In Part 1 of our two-part series on future skills, we discussed the coming skills gap and best-practice responses to this challenge (to read the article, click here). In this article, we turn to practical applications of Aon’s future skills framework. In particular, we will focus on future skills associated with digital readiness, and digital leadership, both constructs which will prove critical for talent professionals who wish to future-proof their talent pipeline.
The nature of the challenge: Digitized society
Given that virtually all areas of society have or will be undergoing some form of digitization, organizations are likely to experience shortages in talent associated with digital innovation and technology. As such, talent professionals will need to advise business leaders on how to develop their existing talent to overcome the inevitable skills gap that will emerge.
But the requirements of a fully digitalized business landscape go far beyond just digital and technical skills (i.e. knowledge of business applications, data analyses skills, etc.). Employees will have to cultivate and be trained in skills that will enable them to function optimally in a digital landscape, be that being open to innovation, understanding the importance of collaboration, or being able to coach team members.
Such actions are already underway. In a recent survey of global companies, Aon found that 990 out of 1500 (66%) of companies surveyed had prioritized programs that identify and assess for future skills gaps in their existing staff. But such assessments will need to go beyond the here-and-now of technical prowess and focus on various cognitive and behavioral competencies that will give organizations capabilities that will meet their long-term strategic objectives.
Bridging the skills gap: Assessing for future skills
In deciding the appropriate assessment strategy for bridging the skills gap, talent professionals will need to be closely guided by their organizations’ business model and strategic objectives.
In the figure below is a model that illustrates the steps in designing and implementing future skills assessments:
A critical feature of this model is the combination of skills and competencies into capabilities that will ensure optimal functioning within a complex, fully digital working environment. In such contexts, leaders and employees will have to adapt to a rapidly changing technological disruption as well as the behavioral analogs of such change.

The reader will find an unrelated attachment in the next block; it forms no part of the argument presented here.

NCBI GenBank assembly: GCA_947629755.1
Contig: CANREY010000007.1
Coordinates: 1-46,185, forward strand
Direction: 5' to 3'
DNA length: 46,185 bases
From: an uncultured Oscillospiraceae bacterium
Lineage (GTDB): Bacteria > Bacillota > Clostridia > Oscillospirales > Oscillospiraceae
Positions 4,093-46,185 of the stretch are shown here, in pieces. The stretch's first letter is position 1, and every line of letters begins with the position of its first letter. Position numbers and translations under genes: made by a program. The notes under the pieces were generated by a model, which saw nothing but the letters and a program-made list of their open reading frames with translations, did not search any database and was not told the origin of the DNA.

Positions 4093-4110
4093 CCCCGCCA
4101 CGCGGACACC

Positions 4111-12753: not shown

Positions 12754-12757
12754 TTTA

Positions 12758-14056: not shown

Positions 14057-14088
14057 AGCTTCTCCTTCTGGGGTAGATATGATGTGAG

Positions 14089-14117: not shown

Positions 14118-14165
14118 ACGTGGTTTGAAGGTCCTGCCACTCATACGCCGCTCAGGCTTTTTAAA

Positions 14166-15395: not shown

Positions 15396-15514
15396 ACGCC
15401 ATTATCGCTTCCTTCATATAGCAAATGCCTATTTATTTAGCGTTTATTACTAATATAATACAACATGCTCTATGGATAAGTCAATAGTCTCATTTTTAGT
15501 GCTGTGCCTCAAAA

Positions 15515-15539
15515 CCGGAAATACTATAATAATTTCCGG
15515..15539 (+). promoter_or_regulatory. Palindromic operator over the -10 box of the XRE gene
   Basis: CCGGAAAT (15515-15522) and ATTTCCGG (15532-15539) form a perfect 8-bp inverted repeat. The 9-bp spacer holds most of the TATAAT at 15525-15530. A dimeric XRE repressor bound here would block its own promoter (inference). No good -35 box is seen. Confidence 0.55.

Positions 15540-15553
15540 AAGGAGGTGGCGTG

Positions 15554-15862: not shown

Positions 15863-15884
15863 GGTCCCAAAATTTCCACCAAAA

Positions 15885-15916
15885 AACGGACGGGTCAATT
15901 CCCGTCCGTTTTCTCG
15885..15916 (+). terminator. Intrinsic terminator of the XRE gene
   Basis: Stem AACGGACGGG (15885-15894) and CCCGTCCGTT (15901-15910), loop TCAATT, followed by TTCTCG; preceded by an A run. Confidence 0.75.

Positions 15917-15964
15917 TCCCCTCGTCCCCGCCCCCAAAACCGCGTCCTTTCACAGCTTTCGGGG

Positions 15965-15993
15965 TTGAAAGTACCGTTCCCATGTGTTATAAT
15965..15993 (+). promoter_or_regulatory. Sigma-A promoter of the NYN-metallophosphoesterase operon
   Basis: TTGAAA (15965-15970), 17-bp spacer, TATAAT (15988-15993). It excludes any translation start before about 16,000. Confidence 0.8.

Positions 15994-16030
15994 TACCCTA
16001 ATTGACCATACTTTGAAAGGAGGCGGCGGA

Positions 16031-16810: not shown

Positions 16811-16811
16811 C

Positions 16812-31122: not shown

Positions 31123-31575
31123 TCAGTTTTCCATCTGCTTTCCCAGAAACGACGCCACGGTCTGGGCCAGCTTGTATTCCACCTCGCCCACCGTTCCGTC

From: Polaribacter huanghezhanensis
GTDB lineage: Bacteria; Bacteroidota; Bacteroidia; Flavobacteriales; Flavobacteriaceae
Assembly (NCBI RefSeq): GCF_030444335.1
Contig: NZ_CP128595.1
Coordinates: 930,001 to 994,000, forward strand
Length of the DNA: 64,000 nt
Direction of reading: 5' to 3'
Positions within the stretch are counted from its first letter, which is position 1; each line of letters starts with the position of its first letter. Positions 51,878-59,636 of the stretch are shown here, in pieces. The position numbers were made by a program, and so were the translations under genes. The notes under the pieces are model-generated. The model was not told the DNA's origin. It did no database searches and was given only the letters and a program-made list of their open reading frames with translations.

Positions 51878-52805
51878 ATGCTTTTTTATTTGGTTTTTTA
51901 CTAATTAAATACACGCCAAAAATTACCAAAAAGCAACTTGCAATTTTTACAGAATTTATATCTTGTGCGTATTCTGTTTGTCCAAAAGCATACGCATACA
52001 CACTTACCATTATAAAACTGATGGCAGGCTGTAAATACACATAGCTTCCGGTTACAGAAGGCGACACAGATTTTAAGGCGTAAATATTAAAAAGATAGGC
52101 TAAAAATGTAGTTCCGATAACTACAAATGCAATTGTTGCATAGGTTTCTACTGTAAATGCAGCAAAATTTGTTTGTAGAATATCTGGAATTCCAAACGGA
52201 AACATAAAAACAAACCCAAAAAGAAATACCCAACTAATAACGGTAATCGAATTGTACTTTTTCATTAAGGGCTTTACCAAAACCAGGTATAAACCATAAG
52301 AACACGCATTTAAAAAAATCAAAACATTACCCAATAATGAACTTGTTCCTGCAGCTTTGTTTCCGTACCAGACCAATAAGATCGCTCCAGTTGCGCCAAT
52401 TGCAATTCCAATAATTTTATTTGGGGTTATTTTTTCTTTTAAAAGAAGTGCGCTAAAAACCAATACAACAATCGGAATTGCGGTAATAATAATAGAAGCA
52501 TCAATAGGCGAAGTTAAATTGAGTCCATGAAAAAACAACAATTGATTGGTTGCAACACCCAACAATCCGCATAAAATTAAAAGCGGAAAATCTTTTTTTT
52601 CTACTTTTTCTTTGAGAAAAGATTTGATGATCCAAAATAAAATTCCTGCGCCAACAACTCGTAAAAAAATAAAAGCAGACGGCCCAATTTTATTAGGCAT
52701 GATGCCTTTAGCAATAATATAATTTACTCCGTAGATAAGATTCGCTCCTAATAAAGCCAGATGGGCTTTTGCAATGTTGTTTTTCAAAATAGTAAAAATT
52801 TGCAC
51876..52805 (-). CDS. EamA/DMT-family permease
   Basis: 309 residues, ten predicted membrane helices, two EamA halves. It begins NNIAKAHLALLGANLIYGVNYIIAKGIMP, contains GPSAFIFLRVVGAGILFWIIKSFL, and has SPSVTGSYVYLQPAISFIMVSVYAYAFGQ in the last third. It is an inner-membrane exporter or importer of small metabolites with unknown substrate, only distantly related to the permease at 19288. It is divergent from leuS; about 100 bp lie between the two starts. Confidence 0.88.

Fortunately, Aon’s Future Skills Framework (discussed in greater detail in Part 1 of this series), includes best-of-breed competency frameworks that can be used to assess for such future capabilities. In this article, we will focus on two such frameworks: digital readiness and digital leadership.
Digital readiness: Adapting to future challenges
The rate at which knowledge and skills become outdated is accelerating. For instance, the World Economic Forum recently predicted that the half-life of skills has shrunk to five years.
This means that five years from now, your organization’s current skill set will be worth around half as much as it is right now. Because of this instability, organizations need to focus less on developing specific skill sets and more on developing future-proofed and future-ready competencies.
Aon’s digital readiness model shows that the core foundational competencies of agility, curiosity, and learnability are essential for future working in a more automated and digitized organization. In addition to these core competencies, digital readiness also includes constructs such as resilience, curiosity, adaptability, and flexibility. It therefore stands to reason that assessing for these competencies should be on any assessment or talent professional’s agenda now or in the very near future.
Put simply, digital readiness is an individual’s ability and enthusiasm to navigate new ways of working. It is about embracing constant change, adapting to ever-developing technologies, and benefiting from the advantages they offer.
In addition, highly digitally ready employees are more likely to engage in life-long learning and be more open to learning from others and their own mistakes. In an ever-moving work environment where technical skills age quickly, these are vital behavioral competencies to cultivate and look out for when hiring.